It is still vital that we take the time to acknowledge a death within the family and wider community, but how do we do that within current restrictions?
At Alert Level 4, no matter what the cause of death, we need to co-operate.
Rites of Passage
After a person has died there are a series of transitions, all of which are an important part of the funeral process.
If family are present at the time of death in the home, they can perhaps wash and dress the deceased – a natural extension of the personal care they had given them in life. (This will be dependent on cause of death and current health and safety guidelines). It’s a valuable time to slow down, talk and reminisce. Often, these are the last moments spent with the person who has died.
If death has occurred in the hospice, rest home or hospital, clearly communicate your wishes to the staff, who will endeavour to co-operate should current protocols allow.
The next transition point is the funeral service. Currently, in the case of cremation, only family members within the same isolation bubble are able to attend. In the interim, family could have a digital funeral, using Zoom or have a physical memorial gathering when restrictions ease.
After cremation, there are the ashes, another transition. The decision may be to scatter or inter at a public cemetery, another future opportunity to gather.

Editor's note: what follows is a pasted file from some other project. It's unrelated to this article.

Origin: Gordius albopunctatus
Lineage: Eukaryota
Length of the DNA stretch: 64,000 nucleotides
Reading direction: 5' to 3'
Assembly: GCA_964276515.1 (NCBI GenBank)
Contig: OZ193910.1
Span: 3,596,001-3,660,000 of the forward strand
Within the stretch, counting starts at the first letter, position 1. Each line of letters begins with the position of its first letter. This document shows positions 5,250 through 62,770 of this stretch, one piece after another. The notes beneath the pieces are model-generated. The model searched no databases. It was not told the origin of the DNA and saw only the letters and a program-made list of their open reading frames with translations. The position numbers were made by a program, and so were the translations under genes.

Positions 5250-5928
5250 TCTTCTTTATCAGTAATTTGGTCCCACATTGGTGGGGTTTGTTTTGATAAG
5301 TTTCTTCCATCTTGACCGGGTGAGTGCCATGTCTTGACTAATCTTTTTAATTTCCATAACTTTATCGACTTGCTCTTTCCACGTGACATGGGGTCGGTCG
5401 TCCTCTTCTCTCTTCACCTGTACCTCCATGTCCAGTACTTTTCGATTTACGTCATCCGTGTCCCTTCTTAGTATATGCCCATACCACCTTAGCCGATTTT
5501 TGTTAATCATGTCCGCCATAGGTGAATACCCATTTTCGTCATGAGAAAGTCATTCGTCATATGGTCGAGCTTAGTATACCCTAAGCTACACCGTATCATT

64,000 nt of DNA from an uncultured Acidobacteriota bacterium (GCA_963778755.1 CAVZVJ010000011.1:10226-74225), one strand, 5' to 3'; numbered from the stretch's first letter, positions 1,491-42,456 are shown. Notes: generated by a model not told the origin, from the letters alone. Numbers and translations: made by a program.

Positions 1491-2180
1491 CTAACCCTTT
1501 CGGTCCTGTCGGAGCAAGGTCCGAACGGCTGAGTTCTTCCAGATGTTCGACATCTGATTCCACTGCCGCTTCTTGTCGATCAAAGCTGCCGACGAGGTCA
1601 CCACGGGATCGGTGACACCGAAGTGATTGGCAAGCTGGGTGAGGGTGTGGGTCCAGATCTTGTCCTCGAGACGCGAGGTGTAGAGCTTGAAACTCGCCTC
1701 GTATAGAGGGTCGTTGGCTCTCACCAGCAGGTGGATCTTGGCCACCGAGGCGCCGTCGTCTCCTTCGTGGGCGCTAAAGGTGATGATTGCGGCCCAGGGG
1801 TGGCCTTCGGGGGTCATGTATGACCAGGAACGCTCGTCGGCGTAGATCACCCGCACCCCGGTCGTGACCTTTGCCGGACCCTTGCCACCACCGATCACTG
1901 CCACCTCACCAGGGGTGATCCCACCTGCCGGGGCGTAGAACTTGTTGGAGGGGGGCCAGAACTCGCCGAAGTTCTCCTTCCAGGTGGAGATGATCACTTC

If the person is being buried, only family within the same isolation bubble are able to be present and must be from the same region. The grave site can be readily revisited at any time once restrictions are lifted. The unveiling of the headstone could be a time to regather.
Value every interaction, no matter how minimal.
We take photos at weddings and birthdays but seem uncomfortable to do so at funerals. Attitudes are changing, as now almost everyone has a phone with a camera. Take any opportunity to capture the events, on film or audio, to share with those unable to attend. The gathering at the death bed, the burial or scattering of ashes.
There are many digital tribute websites where friends, colleagues and distant family can upload their stories, pictures and memories.
A funeral does not necessarily need to be a large, well attended event – often, those intimate, private gatherings can be just as significant.
Talk to us and we can work together to create new rituals for a thoughtful farewell.